Technology Offers Potential to Further Protect U.S. Blood Supply
Washington, DC, April 8, 1999 -- The American Red Cross is pioneering the use of an innovative technology that could add an additional layer of safety to the 14 million units of blood components distributed by the Red Cross to hospitals nationwide each year. The Red Cross is investigating a new genetic test, nucleic acid testing or NAT, for the early detection of transfusion-transmitted viruses, such as HIV and Hepatitis C Virus (HCV), at its National Genome Testing Laboratory in San Diego, Calif. Already the Red Cross' use of NAT has detected the first unit of HCV-infected donor blood that was negative by standard screening tests, thus preventing a probable transmission of the disease.
The Red Cross has been the leader in bringing NAT technology to blood screening and began evaluating NAT under an Investigational New Drug (IND) application approved by the Food and Drug Administration (FDA) in January 1999. Initially the Red Cross performed unlinked testing, severing the link between the donor and sample, to validate the processes and systems newly created for NAT. Red Cross tested more than 180,000 samples during unlinked testing.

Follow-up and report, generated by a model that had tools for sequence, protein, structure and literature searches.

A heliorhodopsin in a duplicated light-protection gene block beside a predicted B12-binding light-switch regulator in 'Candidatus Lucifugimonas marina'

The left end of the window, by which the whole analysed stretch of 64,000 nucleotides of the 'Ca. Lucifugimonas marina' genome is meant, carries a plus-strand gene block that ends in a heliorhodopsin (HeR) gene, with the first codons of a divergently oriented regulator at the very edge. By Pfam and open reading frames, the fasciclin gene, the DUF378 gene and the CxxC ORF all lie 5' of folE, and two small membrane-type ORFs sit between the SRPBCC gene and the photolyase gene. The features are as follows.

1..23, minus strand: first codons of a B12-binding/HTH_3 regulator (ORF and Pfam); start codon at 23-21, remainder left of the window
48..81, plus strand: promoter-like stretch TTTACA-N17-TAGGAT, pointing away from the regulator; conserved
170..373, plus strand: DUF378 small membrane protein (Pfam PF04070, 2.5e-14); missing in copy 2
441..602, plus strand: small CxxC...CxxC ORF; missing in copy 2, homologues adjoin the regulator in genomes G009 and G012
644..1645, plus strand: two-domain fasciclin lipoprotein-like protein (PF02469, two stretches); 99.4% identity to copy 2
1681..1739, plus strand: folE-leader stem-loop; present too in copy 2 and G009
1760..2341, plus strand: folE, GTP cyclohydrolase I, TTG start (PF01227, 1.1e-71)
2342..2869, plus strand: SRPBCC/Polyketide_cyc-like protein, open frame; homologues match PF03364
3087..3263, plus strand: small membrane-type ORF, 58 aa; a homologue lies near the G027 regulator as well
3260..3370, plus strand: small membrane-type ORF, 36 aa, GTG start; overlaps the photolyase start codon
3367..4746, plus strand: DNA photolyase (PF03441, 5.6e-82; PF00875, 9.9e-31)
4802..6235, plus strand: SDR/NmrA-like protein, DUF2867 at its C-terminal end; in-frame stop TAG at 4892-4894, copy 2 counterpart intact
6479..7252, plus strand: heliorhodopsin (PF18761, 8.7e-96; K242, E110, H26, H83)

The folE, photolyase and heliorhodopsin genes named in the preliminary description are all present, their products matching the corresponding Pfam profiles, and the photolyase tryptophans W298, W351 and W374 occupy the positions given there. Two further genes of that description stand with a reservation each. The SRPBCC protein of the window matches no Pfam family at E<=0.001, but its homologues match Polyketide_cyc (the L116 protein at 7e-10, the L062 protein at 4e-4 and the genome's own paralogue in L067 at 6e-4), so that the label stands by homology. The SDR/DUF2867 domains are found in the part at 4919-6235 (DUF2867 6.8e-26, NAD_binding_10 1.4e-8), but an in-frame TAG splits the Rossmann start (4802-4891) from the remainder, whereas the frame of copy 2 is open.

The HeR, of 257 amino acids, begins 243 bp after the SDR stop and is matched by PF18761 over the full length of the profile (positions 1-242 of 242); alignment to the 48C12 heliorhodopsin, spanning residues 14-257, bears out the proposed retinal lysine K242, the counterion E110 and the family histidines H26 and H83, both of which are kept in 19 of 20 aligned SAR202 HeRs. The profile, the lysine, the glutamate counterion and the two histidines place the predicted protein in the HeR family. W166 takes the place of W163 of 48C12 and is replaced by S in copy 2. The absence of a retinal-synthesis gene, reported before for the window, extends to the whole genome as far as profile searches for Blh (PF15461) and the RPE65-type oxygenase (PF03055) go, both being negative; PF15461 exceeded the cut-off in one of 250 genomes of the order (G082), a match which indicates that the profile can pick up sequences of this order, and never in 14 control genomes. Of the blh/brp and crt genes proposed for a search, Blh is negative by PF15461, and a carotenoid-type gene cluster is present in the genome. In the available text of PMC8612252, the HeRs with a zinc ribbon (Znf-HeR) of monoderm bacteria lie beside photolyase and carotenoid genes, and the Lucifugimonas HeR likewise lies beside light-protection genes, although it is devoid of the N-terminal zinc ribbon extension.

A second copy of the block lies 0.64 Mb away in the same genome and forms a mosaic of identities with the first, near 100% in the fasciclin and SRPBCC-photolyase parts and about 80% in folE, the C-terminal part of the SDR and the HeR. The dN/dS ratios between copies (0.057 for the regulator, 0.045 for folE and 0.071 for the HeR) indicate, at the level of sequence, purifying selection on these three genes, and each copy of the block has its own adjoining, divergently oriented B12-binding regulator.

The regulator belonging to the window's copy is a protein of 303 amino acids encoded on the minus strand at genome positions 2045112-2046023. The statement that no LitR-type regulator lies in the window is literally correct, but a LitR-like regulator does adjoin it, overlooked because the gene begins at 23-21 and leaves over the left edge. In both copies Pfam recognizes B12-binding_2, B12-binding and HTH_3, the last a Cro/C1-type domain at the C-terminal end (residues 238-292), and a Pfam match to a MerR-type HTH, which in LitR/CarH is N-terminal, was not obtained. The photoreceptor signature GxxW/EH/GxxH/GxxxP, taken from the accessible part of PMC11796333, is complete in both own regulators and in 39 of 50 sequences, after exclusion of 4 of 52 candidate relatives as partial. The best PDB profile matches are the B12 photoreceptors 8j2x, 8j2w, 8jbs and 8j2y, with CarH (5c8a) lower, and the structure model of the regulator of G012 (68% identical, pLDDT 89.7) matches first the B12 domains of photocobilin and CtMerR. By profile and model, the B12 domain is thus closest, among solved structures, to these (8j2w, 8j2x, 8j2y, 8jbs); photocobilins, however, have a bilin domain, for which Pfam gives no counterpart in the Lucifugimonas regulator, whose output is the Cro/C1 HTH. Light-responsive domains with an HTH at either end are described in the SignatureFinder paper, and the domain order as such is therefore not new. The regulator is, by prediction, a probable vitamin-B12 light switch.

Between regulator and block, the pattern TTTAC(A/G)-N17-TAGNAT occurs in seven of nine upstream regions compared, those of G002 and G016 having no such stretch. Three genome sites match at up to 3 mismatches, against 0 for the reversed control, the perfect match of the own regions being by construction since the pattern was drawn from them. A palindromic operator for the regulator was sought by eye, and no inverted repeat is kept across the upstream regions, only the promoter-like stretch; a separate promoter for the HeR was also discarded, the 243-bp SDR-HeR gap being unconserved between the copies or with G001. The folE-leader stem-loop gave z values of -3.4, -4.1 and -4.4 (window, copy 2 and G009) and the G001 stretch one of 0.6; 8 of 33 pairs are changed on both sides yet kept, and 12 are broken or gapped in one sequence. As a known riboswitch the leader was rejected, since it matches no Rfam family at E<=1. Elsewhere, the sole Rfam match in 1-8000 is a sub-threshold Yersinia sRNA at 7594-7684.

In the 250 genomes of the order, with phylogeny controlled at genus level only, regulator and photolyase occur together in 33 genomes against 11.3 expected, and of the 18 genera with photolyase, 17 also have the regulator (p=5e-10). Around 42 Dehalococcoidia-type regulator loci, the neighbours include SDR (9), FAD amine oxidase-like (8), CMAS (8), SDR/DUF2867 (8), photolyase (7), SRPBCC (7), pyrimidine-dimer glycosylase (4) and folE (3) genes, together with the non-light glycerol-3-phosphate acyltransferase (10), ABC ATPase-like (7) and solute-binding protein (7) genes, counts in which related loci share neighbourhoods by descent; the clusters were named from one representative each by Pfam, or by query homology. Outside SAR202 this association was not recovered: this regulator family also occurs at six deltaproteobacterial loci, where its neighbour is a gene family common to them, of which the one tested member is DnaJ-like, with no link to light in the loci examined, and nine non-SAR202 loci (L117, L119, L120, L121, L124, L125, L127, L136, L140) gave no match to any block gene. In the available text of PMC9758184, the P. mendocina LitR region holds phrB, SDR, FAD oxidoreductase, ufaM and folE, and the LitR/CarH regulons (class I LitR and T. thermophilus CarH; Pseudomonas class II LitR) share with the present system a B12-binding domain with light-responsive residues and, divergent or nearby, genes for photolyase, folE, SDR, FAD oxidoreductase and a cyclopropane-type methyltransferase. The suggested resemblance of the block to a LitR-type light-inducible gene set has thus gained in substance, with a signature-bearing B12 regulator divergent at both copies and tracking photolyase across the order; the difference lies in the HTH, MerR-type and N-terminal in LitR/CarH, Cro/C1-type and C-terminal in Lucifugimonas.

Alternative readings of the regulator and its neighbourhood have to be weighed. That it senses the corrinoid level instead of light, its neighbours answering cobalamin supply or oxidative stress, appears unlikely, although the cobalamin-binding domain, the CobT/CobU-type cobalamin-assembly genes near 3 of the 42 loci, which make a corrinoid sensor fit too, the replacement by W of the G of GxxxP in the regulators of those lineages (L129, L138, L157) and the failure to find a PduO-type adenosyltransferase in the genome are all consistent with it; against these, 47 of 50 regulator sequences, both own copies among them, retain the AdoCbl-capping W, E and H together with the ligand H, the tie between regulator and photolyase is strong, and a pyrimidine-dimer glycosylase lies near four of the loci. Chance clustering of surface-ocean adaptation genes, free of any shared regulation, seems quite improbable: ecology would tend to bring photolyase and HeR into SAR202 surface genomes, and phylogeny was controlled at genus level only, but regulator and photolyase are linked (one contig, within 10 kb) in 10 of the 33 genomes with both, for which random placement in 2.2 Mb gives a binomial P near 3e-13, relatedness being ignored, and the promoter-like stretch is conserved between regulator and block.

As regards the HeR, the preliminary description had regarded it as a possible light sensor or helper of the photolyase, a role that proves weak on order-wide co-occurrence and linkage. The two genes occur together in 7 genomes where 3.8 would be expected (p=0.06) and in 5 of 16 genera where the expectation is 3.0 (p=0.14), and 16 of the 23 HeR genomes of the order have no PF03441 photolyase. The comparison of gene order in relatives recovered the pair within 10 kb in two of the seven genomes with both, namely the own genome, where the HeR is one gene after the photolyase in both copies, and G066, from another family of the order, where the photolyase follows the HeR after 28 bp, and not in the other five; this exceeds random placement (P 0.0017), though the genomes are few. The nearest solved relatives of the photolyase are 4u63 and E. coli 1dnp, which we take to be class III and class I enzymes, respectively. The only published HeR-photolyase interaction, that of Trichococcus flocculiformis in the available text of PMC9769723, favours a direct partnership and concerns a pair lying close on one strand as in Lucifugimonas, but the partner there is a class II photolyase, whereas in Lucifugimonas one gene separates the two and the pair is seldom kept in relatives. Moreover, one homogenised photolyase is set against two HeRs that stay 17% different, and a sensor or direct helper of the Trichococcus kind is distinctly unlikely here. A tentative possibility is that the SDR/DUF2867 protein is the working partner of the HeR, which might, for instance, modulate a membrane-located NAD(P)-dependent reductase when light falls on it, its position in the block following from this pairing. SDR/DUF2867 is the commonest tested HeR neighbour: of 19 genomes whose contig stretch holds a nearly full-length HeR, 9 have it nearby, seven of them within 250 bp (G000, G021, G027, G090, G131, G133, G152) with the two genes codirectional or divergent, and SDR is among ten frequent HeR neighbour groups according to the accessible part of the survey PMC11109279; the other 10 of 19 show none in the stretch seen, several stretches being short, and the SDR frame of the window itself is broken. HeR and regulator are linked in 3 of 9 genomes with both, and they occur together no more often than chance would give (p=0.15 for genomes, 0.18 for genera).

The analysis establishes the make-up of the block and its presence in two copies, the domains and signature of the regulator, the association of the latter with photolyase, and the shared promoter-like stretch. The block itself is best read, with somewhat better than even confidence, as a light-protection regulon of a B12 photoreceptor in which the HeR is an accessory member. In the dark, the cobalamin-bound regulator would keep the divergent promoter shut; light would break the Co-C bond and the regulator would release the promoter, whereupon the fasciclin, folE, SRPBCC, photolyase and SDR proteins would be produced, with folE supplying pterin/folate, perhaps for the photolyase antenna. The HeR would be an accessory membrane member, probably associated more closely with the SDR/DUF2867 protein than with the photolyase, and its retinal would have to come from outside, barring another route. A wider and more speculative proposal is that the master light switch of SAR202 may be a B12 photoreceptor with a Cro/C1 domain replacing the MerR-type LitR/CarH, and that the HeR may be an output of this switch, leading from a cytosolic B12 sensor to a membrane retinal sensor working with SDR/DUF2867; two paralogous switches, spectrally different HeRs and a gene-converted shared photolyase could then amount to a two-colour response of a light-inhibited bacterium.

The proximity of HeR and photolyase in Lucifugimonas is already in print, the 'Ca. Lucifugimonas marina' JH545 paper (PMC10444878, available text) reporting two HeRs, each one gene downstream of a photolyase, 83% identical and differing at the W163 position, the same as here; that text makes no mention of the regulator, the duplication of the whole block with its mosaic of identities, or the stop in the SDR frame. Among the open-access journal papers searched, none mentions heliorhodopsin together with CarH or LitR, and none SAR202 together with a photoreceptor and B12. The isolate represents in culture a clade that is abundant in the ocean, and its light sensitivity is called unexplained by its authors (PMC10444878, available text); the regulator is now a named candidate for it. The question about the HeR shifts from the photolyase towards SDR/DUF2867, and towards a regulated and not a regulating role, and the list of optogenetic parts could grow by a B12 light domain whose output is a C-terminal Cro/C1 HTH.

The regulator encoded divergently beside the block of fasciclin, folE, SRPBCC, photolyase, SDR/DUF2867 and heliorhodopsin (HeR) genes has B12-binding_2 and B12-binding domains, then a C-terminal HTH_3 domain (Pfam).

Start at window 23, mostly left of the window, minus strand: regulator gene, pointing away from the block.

Based on favorable test outcomes, the Red Cross began screening blood donations with NAT at the National Genome Testing Laboratory under the FDA-approved IND in early March 1999. The Red Cross expects to fully implement NAT under the IND in all of its blood centers by June 1999.
"While the U.S. blood supply is already safer than it ever has been and current
screening tests are very sophisticated, this innovative technology has the
potential to enable the detection of dangerous viruses in donors whose own
immune systems have not yet recognized the presence of an infectious agent,"
says Brian McDonough, chief operating officer, American Red Cross Blood
Services. "This new screening method is expected to provide more accurate and
Contact: Ernie Knewitz